I don't know about you, but I feel so weird these days, so out of sorts, so self-conscious and aware and filled with adrenaline and disgust and anger and -- should I go on? I miss blogging, too. I miss marking my days here and the casual way I'd throw out some thoughts and observations, a bit of poetry, a rant or two. I'm not tired of blogging or of blogs, either. I am preoccupied. I am so afraid of normalizing that POS running the country, the sycophants that support him, those that still maintain we must come together. Come together, my ass. I'm as overwhelmed as every other woman by the toppling of the patriarchy, too. When is the head dude, though, the Sexual Predator in Chief, going to get his due?
I'm baking a lot of cakes. I baked this one:
|Coconut Cake with Coconut Buttercream|
and I made five of these:
|Apple Toffee Crunch Cake with Cinnamon Buttercream|
I made about a million of these:
|yeast dough rolled in cinnamon sugar|
It came out like this:
|Cinnamon Pull-Apart Bread with Caramel Glaze|
Baking, unfortunately, does not alleviate the stress of the Repubs screwing us, over and over, now with their new tax plan which is really another version of their healthcare plan, which basically reinforces the direction the Disunited States of America is going which is a plutocracy. I want to say f*^k all of them, but I tire of cursing.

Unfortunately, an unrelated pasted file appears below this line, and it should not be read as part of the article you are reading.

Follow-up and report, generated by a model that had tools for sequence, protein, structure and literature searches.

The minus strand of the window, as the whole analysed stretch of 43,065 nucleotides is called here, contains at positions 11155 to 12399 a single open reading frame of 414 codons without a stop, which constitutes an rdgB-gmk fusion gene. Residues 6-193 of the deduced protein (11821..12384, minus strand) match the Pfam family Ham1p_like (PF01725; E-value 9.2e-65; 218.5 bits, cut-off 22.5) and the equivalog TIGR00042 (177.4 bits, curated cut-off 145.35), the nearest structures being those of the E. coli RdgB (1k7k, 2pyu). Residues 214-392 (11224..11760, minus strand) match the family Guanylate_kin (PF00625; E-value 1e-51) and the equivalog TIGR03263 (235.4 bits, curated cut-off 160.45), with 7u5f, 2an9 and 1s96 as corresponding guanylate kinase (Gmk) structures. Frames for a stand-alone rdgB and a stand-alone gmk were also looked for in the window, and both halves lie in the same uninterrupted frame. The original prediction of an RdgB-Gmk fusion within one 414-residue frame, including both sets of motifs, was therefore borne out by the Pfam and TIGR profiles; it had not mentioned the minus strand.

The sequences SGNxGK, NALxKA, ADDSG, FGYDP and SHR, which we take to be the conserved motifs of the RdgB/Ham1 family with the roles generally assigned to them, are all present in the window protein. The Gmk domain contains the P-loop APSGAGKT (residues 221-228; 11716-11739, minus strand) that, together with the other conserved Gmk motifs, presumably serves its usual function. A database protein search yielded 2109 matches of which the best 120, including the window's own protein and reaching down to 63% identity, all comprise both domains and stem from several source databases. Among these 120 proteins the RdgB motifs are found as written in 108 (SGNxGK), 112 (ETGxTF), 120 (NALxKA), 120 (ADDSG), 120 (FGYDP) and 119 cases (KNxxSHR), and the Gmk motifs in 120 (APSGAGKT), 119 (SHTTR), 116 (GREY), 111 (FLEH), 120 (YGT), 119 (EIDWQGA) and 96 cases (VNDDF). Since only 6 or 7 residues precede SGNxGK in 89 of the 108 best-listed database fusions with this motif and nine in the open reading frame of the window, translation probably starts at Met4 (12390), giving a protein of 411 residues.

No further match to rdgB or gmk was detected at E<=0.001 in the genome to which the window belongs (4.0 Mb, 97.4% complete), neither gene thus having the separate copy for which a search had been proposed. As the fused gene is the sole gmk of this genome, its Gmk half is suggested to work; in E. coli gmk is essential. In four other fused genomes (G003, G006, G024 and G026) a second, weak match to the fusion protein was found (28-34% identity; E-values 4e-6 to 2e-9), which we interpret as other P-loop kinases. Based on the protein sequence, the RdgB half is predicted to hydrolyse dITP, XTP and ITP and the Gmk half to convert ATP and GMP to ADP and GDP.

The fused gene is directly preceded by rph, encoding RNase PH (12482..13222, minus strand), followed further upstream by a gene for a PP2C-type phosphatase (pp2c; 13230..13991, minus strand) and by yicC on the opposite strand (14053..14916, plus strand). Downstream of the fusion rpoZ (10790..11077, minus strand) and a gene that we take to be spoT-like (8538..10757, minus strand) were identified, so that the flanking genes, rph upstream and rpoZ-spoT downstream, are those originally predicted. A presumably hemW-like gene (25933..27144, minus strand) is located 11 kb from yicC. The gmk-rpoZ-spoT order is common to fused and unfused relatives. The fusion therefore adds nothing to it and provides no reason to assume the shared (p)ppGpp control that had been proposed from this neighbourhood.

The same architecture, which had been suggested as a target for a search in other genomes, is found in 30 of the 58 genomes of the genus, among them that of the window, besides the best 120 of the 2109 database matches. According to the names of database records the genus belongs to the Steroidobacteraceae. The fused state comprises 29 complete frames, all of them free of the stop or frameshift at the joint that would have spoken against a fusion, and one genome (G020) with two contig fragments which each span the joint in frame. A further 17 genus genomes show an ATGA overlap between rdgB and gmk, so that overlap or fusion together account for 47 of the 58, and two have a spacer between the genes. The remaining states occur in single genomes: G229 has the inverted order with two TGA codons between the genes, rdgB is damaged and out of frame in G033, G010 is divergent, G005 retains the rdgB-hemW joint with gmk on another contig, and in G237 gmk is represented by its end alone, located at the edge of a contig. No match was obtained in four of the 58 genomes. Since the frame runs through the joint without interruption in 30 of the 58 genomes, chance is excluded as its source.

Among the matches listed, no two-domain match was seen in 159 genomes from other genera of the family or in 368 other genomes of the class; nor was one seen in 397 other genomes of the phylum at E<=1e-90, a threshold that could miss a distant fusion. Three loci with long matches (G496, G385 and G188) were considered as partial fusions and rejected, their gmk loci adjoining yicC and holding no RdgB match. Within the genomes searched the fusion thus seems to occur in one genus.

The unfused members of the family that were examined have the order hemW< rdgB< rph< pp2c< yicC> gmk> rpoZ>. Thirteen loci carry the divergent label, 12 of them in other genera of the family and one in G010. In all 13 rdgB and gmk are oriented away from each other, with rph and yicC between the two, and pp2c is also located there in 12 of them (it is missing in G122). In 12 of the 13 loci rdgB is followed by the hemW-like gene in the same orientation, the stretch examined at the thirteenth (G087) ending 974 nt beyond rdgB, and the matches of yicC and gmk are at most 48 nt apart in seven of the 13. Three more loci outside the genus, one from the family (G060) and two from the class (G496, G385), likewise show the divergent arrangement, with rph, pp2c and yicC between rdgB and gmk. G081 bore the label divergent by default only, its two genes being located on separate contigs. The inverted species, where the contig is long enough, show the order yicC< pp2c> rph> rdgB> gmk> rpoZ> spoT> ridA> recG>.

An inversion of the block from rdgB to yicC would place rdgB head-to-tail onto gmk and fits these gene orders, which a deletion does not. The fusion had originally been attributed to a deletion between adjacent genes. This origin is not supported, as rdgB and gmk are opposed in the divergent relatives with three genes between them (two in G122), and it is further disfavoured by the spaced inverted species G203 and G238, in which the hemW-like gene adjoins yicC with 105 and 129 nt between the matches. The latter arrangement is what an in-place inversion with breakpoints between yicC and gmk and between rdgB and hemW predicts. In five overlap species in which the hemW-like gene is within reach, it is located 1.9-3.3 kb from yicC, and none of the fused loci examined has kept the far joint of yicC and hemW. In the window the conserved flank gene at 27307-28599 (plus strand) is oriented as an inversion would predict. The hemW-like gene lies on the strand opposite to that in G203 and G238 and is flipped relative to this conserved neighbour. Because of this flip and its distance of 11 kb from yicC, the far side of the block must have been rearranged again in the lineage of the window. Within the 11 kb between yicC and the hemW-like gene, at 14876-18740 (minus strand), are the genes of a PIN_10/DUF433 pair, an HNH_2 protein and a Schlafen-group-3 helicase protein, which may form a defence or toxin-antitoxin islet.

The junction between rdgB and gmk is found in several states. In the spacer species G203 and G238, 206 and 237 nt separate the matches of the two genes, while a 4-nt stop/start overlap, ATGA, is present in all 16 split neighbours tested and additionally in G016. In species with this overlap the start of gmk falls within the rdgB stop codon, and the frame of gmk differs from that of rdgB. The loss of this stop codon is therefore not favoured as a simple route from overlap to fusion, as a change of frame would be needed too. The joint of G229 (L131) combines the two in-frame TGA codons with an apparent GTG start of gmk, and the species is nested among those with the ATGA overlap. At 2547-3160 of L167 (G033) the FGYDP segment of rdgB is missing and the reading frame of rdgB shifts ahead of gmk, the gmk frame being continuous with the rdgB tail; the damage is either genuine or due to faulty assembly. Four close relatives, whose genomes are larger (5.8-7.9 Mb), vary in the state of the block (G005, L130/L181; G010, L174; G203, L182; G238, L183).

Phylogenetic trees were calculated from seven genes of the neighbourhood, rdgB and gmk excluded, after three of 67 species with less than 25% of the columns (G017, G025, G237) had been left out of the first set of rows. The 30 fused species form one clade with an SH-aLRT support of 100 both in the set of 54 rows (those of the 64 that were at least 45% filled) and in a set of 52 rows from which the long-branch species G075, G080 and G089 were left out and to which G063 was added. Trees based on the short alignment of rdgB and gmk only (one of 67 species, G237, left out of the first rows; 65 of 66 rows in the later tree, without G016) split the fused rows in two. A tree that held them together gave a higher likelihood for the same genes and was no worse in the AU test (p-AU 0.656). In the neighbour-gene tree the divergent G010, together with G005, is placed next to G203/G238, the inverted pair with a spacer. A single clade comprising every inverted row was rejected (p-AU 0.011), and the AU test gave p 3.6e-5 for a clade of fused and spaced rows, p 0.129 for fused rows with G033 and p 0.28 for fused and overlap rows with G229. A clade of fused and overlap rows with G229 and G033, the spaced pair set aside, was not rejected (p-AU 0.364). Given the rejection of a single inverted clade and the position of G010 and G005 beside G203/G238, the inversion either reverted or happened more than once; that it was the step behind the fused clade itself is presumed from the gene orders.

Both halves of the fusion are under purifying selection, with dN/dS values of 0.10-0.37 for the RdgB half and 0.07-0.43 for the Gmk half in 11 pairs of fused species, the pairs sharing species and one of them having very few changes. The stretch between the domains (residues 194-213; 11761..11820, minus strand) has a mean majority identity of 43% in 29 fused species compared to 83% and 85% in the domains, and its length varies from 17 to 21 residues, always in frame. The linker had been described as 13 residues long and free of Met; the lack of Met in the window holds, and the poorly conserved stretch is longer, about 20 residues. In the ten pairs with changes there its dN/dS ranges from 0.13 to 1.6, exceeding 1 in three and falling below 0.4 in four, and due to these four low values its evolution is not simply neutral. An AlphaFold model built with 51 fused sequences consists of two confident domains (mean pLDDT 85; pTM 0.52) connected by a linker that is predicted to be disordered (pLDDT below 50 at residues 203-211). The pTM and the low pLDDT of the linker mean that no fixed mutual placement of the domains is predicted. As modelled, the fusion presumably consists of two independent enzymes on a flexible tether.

I also made the most killer cinnamon buttercream.
|Butter, sugar, egg whites, cinnamon|
Honestly, that stuff is nearly sexual. A silky sweet meringue that takes butter and transforms into something that melts on the tip of your tongue, just a trace.
I had my first paid gig at The Los Angeles Times on Saturday. Here's the link.
Sunday, November 26, 2017
In a 1984 Paris Review interview with the writer James Baldwin, he was asked whether he found it easier or more difficult to write out of anguish, specifically his utter despair after the death of Martin Luther King Jr. Baldwin replied, "No one works better out of anguish at all; that's an incredible literary conceit. I didn't think I could write at all. I didn't see any point to it. I was hurt...I can't even talk about it. I didn't know how to continue, didn't see my way clear." When I heard that this morning as I listened to the Paris Review podcast of the interview, it shot right through me, a kind of bolt of recognition and affirmation. When Sophie was diagnosed with infantile spasms nearly twenty-three years ago, she was not even three months old and I not quite thirty-two years, and it would be more than ten years before I'd write a single word about the experience despite the nearly twenty-seven years that I'd been writing almost daily. I've never been able to figure out why, nor to explain it -- in fact, when I did start writing again, nothing irritated me more than the comment I received over and over that you must find such comfort in writing, that it must be so therapeutic.